Review by Frank Plowright
This collection presents the final work from Enric Badia Romero’s first stint illustrating Modesty Blaise. In 1978 he was offered the chance to create his own daily newspaper stip Axa, set in a post-apocalyptic future, and when Axa was abruptly cancelled in 1986 he returned to draw Modesty for a further fifteen years.
The replacement artist was the accomplished John M. Burns (featured art), already a veteran illustrator with a well developed graphic style, who takes over for the title strip set in Yellowstone National Park. Over the first few weeks he illustrates Modesty in Romero’s style, gradually phasing in his own version, but there are differences in Willie Garvin from the start, and Burns is more inclined to have the viewpoint closer in to the cast. Any artistic preference would just be a matter of which style holds the greater appeal, as both artists are excellent.
By Burns’ run times had changed, and all the qualms about the strip featuring nudity had evaporated. While this was gratuitous racy material, O’Donnell at least works a level of necessity into his story. It’s a leisurely one with Modesty believing Willie to be dead, and a group of crooks in search of some buried treasure also the object for others with more virtuous intentions. There’s a good scene when some information is required from a reluctant donor, but while tense in places, the length outlasts the plot.
Entirely different in tone with its pompous and superstitious gang leader and henpecked husband is ‘Idaho George’, the title taken from a conman known to Modesty now masquerading under a new identity. O’Donnell enjoys conceiving ever more ridiculous names for henchmen (and a butler named Strangler) and Romero creates a fantastic cast of characters in what’s a great romp. As ever, the joy is in figuring out how traps will fail and how revenge will be meted out, but the eccentric supporting cast are the icing on the cake.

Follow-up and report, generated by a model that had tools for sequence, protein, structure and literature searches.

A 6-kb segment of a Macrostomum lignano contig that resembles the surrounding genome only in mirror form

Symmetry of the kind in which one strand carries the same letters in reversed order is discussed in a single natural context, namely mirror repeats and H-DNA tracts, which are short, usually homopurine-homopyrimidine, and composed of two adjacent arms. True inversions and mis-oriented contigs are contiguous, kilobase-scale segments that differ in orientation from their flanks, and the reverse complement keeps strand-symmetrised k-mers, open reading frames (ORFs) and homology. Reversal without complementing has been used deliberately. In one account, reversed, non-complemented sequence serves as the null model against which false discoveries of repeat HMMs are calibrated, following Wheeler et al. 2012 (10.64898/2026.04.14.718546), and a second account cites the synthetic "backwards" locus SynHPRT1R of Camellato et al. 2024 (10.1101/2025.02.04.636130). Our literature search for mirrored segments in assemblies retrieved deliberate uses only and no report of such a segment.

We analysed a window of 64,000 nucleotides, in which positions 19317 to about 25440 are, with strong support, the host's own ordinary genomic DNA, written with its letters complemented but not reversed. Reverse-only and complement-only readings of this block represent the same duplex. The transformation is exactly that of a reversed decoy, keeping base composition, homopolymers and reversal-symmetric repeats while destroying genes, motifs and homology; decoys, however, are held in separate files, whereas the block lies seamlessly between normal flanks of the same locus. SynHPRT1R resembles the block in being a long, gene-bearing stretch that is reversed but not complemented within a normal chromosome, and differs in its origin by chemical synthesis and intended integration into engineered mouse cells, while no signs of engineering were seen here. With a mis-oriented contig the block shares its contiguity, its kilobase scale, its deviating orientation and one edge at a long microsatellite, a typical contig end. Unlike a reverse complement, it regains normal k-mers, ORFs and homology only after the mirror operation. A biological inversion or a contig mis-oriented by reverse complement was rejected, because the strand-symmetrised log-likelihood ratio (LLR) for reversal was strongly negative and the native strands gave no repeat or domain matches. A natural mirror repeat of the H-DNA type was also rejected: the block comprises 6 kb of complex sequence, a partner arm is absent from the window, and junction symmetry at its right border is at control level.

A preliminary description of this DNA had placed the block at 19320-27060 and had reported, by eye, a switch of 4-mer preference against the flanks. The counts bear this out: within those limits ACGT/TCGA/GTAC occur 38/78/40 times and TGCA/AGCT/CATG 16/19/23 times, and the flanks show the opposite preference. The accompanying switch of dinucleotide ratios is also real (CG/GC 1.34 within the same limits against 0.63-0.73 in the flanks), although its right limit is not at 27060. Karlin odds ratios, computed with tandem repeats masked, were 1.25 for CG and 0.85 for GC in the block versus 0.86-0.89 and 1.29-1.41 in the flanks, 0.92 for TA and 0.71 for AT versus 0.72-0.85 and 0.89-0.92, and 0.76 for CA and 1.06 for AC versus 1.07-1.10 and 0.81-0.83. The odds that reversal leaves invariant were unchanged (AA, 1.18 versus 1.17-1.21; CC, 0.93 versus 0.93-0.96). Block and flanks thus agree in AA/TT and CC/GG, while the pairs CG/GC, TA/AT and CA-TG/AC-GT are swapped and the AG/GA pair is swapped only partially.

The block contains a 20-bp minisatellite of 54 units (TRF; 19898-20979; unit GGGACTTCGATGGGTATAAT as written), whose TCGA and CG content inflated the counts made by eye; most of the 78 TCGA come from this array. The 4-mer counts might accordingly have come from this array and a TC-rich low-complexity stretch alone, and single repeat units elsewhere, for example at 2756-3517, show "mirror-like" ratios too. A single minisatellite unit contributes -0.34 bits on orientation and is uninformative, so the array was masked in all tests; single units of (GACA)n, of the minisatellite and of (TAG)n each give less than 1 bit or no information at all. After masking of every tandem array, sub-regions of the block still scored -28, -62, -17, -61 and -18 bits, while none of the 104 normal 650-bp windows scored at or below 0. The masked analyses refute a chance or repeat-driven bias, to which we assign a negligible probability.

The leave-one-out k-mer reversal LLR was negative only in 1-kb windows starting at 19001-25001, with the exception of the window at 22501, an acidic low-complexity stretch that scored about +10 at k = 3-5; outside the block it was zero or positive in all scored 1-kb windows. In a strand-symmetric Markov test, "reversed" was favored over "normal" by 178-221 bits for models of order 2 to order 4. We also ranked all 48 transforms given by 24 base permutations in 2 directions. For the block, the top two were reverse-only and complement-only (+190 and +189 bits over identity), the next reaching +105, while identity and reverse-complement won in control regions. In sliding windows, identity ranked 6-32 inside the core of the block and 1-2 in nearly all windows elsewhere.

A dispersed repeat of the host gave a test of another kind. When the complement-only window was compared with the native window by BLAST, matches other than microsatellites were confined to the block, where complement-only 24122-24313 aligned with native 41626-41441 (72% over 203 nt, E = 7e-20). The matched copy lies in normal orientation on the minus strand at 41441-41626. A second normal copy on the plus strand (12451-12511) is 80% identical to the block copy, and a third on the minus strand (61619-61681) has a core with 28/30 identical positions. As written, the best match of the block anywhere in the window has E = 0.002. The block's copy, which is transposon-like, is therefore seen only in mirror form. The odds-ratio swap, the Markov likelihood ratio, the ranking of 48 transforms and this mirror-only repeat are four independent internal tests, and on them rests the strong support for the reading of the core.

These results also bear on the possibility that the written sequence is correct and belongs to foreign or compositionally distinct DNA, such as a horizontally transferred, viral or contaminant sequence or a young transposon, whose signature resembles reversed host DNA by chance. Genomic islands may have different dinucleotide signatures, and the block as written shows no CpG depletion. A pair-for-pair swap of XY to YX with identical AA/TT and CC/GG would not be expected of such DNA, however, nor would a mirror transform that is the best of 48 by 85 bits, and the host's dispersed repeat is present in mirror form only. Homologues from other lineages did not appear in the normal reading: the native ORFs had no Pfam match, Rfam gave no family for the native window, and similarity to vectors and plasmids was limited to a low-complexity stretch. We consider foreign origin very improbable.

As he notes in the introduction to ‘The Golden Frog’, O’Donnell had made several references to Modesty and Willie taking combat training in Cambodia under a master named Saragam, who now actually appears for the first time. Then contemporary politics make a rare intrusion into the strip as O’Donnell uses the background of Saragam’s homeland being taken over by the Khmer Rouge, who were executing anyone they considered ideologically unsound. While the three panel format can restrict an ongoing story, it also often necessitates Modesty being absent from her own strip for several days at a time. As seen in Burns’ tale, it’s usually Willie who picks up the slack, but O’Donnell makes an interesting narrative decision with strip, as other than a couple of brief flashback sequences, he runs a full month of continuity before featuring Modesty to any great degree.
Any writer of adventure thrillers should be in awe of O’Donnell’s mastery here with the best tale in the book, tense and compelling with surprises and all elements falling into place. In what at the time he considered his swansong, Romero produces his customary elegance.
Story continuity rarely features in Modesty Blaise, but Green Cobra features Burns’ remaining work on the strip, plus the contributions of Patrick Wright.